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Andrea Levy's Long Song

In Uncategorized on May 14, 2010 at 8:34 am

Andrea Levy's Beautiful, Funny, Affecting, New Novel

“It brought it all back to me. Celia Langley. Celia Langley standing in front of me, her hands on her hips and her head in a cloud. And she is saying: ‘Oh, Hortense, when I am older…’ all her dreaming began with ‘when I am older’  ‘…when I am older, Hortense, I will be leaving Jamaica and I will be going to live in England.’ This is when her voice became high-class and her nose point in the air — well, as far as her round flat nose could — and she swayed as she brought the picture to her mind’s eye.”

That’s how Andrea Levy’s marvelous and beguiling “Small Island” began.

“Too thoughtful a novel to promise its characters a happy ending, but it is generous enough to offer them hope,” The New York Times said in their review

It won the Orange Prize and the Whitbread Prize.

Unfortunately, there’s a history of authors following-up their prize-winning efforts with disappointing outings.

Jhumpa Lahiri’s The Namesake got some mixed reviews for failing to live up to the promise of Interpreter of Maladies, which won the 2000 Pulitzer Prize for Fiction.

Yann Martel won the Booker Prize for his wonderful Life of Pi. He did not fare so well with his follow up, Beatrice and Virgil.

Anyway, obviously some follow-ups are good, others not so much. So, what does that mean for Andrea Levy now that her new novel, The Long Song, is out?

“Levy has grown as a writer: her use of language and imagery have become more accomplished than her earlier offerings,” wrote The Independent. “The Long Song is simultaneously the life-affirming story of one woman’s battle to survive in terrible circumstances, and a tribute to the legions of slaves who did more than suffer and die, but also managed to squeeze all they possibly could out of the bleakest of circumstances.”

So very true.

Levy, who has made her reputation writing beautiful, affecting novels dealing with the Black experience in England, the first person to really do so, has written another really wonderful book.

This historic novel, set mostly in the Jamaica — where Levy’s father is from and which figures in each of her novels  — of the early 1830s when slavery came to an end, is more than simple look back. Levy seems to give you a sense of life as lived and does so with exacting detail and, most importantly, a sense of humor.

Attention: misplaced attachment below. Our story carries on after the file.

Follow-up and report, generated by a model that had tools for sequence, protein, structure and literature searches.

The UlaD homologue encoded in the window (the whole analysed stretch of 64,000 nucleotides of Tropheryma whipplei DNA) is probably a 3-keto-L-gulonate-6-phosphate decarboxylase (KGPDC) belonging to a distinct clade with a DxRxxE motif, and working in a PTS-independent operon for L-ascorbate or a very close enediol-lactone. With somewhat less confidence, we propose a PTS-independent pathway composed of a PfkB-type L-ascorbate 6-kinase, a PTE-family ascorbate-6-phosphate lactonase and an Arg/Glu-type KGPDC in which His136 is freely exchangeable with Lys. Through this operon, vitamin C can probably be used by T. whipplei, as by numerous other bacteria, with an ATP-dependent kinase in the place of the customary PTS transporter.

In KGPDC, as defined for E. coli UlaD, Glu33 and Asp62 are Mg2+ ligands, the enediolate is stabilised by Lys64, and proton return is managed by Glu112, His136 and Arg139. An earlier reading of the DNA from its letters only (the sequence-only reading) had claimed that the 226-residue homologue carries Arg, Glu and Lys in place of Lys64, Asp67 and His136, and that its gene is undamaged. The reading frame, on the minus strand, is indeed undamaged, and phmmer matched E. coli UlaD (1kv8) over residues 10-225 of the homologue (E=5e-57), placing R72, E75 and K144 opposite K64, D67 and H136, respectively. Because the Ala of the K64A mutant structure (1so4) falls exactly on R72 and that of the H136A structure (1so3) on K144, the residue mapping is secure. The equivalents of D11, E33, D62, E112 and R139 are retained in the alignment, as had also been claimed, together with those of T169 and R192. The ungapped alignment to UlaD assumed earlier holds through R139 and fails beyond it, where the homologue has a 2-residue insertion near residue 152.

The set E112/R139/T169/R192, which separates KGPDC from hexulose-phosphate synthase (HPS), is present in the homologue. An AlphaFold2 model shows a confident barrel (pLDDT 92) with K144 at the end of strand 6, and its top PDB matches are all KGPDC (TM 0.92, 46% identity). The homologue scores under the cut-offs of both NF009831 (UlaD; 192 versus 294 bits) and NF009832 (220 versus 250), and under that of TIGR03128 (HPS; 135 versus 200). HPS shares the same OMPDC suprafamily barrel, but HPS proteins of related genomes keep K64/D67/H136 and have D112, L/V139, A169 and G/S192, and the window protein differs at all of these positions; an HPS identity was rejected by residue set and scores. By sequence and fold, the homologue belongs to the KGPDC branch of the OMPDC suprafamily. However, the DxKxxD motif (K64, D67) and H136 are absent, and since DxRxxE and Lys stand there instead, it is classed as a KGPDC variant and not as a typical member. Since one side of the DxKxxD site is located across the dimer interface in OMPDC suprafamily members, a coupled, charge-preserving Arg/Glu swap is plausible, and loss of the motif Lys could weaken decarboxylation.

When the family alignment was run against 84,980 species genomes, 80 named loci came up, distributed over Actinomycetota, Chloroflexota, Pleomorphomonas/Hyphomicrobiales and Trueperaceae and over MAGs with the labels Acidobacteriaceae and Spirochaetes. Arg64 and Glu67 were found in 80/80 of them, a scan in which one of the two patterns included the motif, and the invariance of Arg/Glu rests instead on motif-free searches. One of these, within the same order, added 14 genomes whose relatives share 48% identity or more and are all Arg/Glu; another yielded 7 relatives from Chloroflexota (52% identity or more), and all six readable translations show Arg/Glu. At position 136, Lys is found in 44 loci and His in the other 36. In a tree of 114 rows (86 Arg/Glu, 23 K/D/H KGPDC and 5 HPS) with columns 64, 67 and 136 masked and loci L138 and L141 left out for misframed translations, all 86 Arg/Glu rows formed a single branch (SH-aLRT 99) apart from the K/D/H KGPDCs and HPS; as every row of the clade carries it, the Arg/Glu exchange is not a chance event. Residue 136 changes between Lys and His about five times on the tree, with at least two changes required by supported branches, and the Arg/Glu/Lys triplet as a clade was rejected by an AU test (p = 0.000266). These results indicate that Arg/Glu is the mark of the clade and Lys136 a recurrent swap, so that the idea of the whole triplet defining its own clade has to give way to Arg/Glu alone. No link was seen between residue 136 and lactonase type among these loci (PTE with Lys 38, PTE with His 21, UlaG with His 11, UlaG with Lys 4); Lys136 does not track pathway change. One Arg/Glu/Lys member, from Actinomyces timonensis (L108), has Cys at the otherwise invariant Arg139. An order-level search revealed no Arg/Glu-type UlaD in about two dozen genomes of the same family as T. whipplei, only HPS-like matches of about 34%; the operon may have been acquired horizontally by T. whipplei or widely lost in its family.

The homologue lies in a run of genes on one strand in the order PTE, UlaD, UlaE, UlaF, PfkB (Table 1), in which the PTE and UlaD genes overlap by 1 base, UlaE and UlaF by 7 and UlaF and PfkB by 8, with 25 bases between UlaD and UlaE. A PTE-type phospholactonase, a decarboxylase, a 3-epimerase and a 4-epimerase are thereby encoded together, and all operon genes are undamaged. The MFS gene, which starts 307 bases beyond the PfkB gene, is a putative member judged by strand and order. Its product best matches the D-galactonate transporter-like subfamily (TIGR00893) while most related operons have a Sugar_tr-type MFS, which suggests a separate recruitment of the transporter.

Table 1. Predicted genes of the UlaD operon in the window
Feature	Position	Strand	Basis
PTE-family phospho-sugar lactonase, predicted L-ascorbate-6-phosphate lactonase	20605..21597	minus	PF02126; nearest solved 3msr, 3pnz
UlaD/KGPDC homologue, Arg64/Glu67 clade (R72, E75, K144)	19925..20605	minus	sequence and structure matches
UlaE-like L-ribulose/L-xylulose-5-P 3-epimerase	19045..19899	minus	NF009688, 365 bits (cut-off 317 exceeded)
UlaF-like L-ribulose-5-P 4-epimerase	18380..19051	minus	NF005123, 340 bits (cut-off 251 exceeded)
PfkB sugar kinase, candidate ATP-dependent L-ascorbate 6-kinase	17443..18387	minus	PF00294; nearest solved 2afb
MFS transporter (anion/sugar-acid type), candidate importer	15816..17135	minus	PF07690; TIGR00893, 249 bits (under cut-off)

It purports to be the story of Miss July, a former slave convinced to write her story toward the end of the 19th Century by her son who is a printer. In addition to an introduction and afterword that he has “written” — there are notes from him throughout the book.

On her website, Levy talks about writing the book.

“The last thing I wanted to do was write a novel about slavery in Jamaica,” she writes. “Yet writing about the experience of slavery was a natural progression for me. Small Island, my last novel was the story of Jamaican immigrants to England in the early years after World War Two. Before that I had written three other novels that dealt in some way or another with the experience of black people in Britain. How could I not write about where and why the relationship with the Jamaica and the Caribbean began? It made sense. I had to do it.”

And she started researching and the more she learned, the more she discovered that over the hundreds of years of slavery in Jamaica, a “massive social system — a society in the true sense” — had developed and endured…people were suffering and dying. But clearly people were living and surviving as well.

The Long Song is my tribute to them and, I hope, an inspirational story not only for their descendants, but for us all.”

She has succeeded.

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  1. […] Miner, on his blog Gutenberg Revisited, posted a piece today on Andrea Levy’s new novel, The Long Song, that basically convinces us that we need to get a copy immediately. You can read the […]

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